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Dark clouds ahead?
29 Jul 2016
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29 Jul 2016
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28 Jul 2016
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21 Jul 2016
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20 Jul 2016
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19 Jul 2016
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19 Jul 2016
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18 Jul 2016
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15 Jul 2016
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15 Jul 2016
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14 Jul 2016
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14 Jul 2016
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13 Jul 2016
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11 Jul 2016
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11 Jul 2016
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08 Jul 2016
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07 Jul 2016
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07 Jul 2016
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06 Jul 2016
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05 Jul 2016
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04 Jul 2016
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01 Jul 2016
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Indices Update

European stocks saw a topsy-turvy day end in gains after Brexit-related worries looked to ease on equity investors and Governor Mark Carney stated the ‘Bank of England would probably loosen policy within months’. Market reaction indicated a presumption that a wave on QE was on the horizon, with Gilt yields falling into negative territory for the first time ever during late European trade. The BoE chief also stated the importance of an interest rate cut over the summer. Seeing as the current rate is a mere 0.5%, how low will they dare to go?

The Stoxx Europe 600 seemed as though it could not decide between gains or losses, but eventually chose the former after the comments from Carney pushed the index up 0.9%. These gains can also be attributed to the ECB considering new rules on the types of bonds they could purchase via stimulus packages. The FTSE 100 found strength near the end of a day full of political change to end its session up 1.9%, proving resilient enough to shrug of the post-referendum losses and reach a new 10-month high. Next expected Prime Minister, Boris Johnson, decided to not put himself forward for the title whilst banks and insurance companies were the main fallers in the index.  The German Dax saw slight gains after following the FTSE in the final moments of trading hours. The German index was suffering from Deutsche Bank shares being under pressure but pushed up to 9679.5.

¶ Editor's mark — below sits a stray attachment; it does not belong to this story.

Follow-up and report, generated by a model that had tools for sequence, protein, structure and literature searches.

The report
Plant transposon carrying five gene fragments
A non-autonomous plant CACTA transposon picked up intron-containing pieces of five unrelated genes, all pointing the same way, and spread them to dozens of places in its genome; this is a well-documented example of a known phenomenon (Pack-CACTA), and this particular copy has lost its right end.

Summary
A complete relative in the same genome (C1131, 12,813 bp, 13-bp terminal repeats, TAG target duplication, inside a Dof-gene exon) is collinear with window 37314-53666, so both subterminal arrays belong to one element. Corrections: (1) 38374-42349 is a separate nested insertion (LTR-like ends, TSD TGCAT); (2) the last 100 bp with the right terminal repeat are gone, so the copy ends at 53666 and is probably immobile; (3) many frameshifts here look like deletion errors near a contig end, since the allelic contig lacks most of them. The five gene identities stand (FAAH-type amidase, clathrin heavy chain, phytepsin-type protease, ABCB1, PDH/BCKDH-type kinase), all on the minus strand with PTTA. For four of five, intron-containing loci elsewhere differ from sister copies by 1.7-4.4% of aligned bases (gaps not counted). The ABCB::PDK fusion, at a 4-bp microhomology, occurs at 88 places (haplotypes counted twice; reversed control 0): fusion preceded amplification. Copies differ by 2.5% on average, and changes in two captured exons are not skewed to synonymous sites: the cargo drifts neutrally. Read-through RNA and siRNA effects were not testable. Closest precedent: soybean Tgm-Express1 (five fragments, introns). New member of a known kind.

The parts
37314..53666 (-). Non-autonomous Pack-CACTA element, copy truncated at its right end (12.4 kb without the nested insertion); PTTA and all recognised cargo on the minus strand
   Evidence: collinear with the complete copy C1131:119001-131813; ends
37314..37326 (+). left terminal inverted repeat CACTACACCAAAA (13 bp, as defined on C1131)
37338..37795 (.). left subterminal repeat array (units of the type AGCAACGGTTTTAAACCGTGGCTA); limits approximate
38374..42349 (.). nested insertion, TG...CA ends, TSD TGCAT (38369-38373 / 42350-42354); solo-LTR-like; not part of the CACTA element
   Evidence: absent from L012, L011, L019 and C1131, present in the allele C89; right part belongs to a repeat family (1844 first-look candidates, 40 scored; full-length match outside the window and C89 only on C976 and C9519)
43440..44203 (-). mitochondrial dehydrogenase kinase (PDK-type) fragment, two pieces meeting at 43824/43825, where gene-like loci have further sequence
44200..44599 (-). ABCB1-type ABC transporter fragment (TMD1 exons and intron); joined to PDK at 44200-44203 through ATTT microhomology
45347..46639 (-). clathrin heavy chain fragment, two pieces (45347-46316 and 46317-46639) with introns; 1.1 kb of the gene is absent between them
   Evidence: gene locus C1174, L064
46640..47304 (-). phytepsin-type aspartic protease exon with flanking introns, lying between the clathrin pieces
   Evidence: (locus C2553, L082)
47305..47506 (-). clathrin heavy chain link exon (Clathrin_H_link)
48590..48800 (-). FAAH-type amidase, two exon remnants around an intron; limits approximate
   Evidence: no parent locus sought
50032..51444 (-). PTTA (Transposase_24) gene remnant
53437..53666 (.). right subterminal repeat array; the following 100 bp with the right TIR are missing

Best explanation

This post-Brexit rally could not have come at a better time for US markets, which can now boast a third consecutive quarter of growth. The Dow found enough room to move 235.31 points, or 1.3% higher to end the first-half of the year at 17,929.99. Meanwhile, the S&P 500 gained 1.4% and the Nasdaq Composite 1.3% to settle at 2,098.86 and 4,842.67, respectively.

Asian markets were fairly subdued in overnight trading, with the largest mover by far being the Hang Seng, up 1.8%. Rising oil prices gave most of these markets a boost, with many just edging out a gain. Japan’s Nikkei rose just 0.06%, while China’s Shanghai Composite narrowly lagged behind the pack, finishing 0.1% lower.

Equities

Shares in Deutsche Bank fell 4.1% as parts of the German bank failed the Federal Reserve’s stress test of financial institutions. The German giant had also failed this test a year ago leading the FED to comment “broad and substantial weaknesses across their capital planning processes, and insufficient progress these firms have made toward correcting those weaknesses and meeting supervisory expectations.”